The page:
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What do I do about a “Request for Production of Documents”?

Produced by Mariah Jennings-Rampsi, South Coastal Counties Legal Services, with funding from American College of Bankruptcy
Created June 2012

If you get a paper from the Plaintiff that asks you to send documents, you must send these documents.  It will say “Request for Documents” at the top.  A request for documents is a legal way the plaintiff can get information from you about the case.  This is part of the discovery process.

If you do not respond by the deadline, 30 days, the Plaintiff may be able to get a default judgment against you and win the case. A default judgment means the creditor will win the case just because you did not follow the rules. If the Request comes with a Summons and Complaint, you have 45 days to respond.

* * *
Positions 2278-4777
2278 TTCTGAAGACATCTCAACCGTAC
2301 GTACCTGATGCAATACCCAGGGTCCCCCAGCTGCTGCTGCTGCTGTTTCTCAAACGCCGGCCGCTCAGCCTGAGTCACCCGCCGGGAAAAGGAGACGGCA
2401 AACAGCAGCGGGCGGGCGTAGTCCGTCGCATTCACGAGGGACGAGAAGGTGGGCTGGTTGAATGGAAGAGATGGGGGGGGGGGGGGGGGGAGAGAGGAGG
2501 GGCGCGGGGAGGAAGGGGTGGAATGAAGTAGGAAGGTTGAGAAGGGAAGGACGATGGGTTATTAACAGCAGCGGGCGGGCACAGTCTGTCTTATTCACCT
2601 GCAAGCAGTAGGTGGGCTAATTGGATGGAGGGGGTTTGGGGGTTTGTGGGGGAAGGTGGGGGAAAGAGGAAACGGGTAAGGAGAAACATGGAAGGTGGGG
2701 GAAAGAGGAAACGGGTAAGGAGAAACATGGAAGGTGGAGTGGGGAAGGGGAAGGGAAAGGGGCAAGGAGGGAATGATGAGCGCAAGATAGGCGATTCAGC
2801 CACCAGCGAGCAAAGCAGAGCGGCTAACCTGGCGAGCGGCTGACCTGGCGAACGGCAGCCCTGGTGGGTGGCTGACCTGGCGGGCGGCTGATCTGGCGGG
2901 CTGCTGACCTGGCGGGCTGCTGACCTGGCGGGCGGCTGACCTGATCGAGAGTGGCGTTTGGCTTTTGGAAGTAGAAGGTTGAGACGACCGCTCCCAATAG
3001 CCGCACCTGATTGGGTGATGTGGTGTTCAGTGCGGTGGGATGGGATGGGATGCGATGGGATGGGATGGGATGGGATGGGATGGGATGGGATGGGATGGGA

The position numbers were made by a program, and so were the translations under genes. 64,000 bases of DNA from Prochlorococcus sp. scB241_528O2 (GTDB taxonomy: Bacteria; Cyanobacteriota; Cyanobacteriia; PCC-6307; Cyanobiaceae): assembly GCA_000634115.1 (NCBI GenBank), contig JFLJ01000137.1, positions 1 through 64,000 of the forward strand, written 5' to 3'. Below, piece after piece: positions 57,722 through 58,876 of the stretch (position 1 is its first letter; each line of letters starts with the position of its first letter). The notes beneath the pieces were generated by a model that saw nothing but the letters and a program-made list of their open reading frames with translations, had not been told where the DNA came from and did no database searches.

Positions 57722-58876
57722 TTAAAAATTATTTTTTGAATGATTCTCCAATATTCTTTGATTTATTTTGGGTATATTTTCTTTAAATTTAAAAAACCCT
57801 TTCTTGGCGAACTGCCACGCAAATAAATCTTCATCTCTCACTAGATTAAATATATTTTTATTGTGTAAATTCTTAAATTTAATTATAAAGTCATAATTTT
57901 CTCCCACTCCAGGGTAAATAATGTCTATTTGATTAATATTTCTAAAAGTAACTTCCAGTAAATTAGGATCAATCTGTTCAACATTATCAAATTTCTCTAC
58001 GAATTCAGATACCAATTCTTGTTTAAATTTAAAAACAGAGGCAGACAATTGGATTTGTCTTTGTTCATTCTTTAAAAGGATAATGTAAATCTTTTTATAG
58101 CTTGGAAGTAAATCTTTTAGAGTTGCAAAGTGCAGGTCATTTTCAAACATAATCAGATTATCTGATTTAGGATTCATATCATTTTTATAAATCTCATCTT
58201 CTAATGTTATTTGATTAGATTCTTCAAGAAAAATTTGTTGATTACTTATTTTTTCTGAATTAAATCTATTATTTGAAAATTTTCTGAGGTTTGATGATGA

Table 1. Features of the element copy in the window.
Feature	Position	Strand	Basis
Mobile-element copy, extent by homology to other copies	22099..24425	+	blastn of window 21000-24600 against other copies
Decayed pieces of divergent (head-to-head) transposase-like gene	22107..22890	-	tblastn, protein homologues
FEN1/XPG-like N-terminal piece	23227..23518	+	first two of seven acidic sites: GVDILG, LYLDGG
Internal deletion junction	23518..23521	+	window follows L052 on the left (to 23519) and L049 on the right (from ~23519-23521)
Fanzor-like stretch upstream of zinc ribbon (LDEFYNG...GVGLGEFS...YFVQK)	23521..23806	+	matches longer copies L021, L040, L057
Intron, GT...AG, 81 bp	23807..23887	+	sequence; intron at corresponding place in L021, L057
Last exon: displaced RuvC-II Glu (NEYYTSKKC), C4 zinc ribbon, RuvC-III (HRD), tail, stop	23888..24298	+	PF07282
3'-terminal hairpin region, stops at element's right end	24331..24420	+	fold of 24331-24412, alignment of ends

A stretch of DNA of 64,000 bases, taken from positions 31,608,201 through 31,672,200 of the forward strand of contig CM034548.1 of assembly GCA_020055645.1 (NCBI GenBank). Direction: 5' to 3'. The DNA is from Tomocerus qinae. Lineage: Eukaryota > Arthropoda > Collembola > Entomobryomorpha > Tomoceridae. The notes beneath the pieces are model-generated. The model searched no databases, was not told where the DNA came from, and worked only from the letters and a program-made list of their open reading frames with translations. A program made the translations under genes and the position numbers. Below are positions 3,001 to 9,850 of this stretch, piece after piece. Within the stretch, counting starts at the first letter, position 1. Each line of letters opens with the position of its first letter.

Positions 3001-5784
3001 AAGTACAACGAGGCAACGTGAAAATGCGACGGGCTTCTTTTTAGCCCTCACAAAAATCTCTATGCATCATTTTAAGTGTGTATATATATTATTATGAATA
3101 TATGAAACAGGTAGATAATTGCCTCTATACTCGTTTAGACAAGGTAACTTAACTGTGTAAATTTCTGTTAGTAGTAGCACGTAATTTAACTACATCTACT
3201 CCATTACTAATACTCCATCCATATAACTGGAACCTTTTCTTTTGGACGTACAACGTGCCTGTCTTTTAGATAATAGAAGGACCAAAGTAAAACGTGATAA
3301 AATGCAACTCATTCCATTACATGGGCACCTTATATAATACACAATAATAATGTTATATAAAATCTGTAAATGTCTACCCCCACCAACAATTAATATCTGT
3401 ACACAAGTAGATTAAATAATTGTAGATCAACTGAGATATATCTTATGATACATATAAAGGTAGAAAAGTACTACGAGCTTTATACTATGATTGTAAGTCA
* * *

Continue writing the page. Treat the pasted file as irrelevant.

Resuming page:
You can object to a request for production of documents. One common objection is that the request is to “burdensome”. For example, the plaintiff is requesting 10 years of all your financial records. It’s complicated to know when to object. If you think you need to object, talk to a lawyer.

  1. Answer the requests for documents in writing;
  2. Do the best you can to  provide copies of any documents you have to the Plaintiff; 
  3. Give a signed copy to the Plaintiff before the deadline in the letter; and
  4. Keep a copy of everything yourself. 

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